22. 22. Git Visual Cheatsheet ndpsoftware.com/git-cheatsheet.html
  23. 23. Collaborating with Github additional services around Git
  24. 24. What is Github Github is a cloud service for managing & sharing changes - provides private & public repositories - repository forks & pull requests - collaborative code review - Gists for single file sharing Github pages website publishing - markdown driven content
  25. 25. Authentication methods - SSH Keys vs Passwords SSH authentication - uses a public/private key to authenticate, so no passwords - keys needs to be added to each computer you use Password authentication - account can be cached to minimise typing of credentials
  26. 26. Creating a repository
  27. 27. Cloning a Github Repository Clone (copy completely) an existing repository, giving an optional directory name git clone URL directory-name
  28. 28. Forking a Github Repository You can fork to your account or any Github Organisation you belong too
  29. 29. Submit a pull request
  30. 30. Github Pull Request - Accepted & Merged
  31. 31. Github Pull Request - Code Review
  32. 32. Visualising Github - ghv.artzub.com
  33. 33. Branching & Merging branches should allow experimentation, merging should be simple
  34. 34. Branching Branches allow you to work on - specific features - bug fixes - ideas / experiments Branches can - merged into another branch - have commits cherry picked - be discarded easily - be attached to another branch or be stand alone (eg. gh-pages)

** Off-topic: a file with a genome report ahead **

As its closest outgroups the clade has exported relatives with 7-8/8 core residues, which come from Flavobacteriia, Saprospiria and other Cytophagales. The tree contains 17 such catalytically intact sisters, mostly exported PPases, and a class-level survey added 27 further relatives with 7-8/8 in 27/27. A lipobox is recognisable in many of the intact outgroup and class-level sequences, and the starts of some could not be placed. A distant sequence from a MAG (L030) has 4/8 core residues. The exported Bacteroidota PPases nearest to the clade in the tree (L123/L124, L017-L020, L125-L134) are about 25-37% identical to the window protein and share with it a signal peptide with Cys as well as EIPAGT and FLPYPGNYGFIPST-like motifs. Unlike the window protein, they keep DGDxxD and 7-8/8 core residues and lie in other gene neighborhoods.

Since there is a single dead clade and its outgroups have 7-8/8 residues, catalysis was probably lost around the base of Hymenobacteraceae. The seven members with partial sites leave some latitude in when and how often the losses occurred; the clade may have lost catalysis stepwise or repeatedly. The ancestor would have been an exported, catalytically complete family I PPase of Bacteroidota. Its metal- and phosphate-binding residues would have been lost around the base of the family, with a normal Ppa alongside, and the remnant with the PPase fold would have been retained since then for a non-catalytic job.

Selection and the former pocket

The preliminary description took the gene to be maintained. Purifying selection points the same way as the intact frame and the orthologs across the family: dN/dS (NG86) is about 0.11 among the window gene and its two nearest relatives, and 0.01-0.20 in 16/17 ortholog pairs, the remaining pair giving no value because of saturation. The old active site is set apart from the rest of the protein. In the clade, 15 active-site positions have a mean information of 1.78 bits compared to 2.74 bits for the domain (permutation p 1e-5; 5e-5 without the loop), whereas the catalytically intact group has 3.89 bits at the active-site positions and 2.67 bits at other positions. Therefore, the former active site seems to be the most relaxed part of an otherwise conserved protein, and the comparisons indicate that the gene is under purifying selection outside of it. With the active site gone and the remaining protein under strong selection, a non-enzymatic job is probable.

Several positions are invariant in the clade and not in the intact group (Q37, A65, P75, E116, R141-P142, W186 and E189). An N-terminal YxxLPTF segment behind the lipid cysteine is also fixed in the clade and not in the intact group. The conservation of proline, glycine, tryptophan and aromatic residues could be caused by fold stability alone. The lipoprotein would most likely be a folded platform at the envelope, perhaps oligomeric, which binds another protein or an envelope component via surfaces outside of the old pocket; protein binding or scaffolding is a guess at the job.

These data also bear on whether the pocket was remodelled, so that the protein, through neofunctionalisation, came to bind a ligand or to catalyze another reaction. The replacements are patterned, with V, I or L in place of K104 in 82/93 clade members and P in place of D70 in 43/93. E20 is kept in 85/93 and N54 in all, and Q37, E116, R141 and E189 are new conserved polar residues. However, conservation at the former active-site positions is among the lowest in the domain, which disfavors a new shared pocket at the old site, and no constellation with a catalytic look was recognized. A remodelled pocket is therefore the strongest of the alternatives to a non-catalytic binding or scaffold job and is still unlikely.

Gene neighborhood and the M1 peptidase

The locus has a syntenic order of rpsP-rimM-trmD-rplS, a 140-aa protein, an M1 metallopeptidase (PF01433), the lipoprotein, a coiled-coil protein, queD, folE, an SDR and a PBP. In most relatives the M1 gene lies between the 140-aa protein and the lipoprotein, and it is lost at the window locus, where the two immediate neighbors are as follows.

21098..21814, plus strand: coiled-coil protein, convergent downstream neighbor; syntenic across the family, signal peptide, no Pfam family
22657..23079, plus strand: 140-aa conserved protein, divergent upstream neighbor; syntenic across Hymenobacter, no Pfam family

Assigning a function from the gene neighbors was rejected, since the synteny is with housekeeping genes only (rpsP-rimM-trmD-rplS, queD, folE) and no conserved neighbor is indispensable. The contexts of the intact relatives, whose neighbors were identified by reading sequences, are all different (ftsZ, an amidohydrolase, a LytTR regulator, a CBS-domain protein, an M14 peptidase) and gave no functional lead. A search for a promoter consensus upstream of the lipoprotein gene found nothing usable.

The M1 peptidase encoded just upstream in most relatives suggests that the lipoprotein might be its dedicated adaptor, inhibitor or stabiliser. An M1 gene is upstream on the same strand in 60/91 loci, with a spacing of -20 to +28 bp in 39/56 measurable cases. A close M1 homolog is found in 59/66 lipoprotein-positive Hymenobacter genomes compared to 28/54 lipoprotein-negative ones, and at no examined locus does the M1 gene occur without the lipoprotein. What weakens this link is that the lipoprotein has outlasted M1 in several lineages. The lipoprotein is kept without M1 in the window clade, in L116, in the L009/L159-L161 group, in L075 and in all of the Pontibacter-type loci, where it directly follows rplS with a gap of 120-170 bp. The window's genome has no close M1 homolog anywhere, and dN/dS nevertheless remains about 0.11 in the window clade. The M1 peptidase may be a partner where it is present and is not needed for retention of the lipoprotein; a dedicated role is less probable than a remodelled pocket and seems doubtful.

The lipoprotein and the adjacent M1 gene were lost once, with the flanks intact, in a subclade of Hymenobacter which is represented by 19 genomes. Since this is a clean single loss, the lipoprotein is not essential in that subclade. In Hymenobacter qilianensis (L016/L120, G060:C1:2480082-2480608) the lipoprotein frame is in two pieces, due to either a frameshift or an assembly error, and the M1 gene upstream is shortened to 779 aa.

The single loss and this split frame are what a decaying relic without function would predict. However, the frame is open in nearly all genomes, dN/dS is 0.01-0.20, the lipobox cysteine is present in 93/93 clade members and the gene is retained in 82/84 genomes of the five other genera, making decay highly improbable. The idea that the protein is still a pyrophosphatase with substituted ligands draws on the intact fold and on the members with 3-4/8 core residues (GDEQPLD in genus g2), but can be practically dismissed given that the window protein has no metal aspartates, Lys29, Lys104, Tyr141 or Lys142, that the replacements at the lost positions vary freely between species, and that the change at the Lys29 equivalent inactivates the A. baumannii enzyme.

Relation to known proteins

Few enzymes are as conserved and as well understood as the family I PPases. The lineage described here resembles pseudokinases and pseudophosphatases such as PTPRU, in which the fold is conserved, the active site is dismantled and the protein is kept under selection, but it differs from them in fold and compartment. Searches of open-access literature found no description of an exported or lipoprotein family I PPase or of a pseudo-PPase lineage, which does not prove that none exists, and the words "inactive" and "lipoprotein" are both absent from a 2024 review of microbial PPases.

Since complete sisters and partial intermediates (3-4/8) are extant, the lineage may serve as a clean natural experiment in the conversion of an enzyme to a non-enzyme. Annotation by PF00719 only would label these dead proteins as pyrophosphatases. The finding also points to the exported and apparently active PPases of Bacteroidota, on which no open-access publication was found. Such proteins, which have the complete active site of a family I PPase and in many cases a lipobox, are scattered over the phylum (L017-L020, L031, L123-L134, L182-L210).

35. 35. Creating a branch git branch branch-name ;; create a branch attached to the current branch git checkout branch-name ;; checkout branch so new commits are added to it git checkout -b branch-name ;; both commands above in one command git branch ;; lists all branches Creating a stand alone (orphan) branch git branch -o branch-name ;; branch independent of others & shares no history
  36. 36. Branching - discarding Branches can live forever, the longer they live become harder to merge git branch -d branch-name If this branch is also on a remote git repository, you need to push this change git push remote branch-name Or simply delete a branch reference on the remote git repository git push remote --delete branch-name
  37. 37. Merging Checkout branch to receive the merge commits git checkout master git merge feature
  38. 38. Rebasing - only with consent! Note: Anything that affects the history should be done with consent, especially once commits are shared Checkout branch to receive the merge commits git checkout feature git rebase master
  39. 39. Cherry Picking Checkout branch to receive the cherry picked commit git checkout master git cherry-pick commit-number
  40. 40. Deploying with Git Git can be an important part of your release management
  41. 41. Example: Heroku git push heroku master
  42. 42. Example: Heroku git push heroku master
  43. 43. Learning Git in-depth we learn by example...
  44. 44. Books on Git progit.org gitforteams.com
  45. 45. atlassian.com/git/tutorials
  46. 46. Take your own journey into Git
  47. 47. Thank you @jr0cket jr0cket.co.uk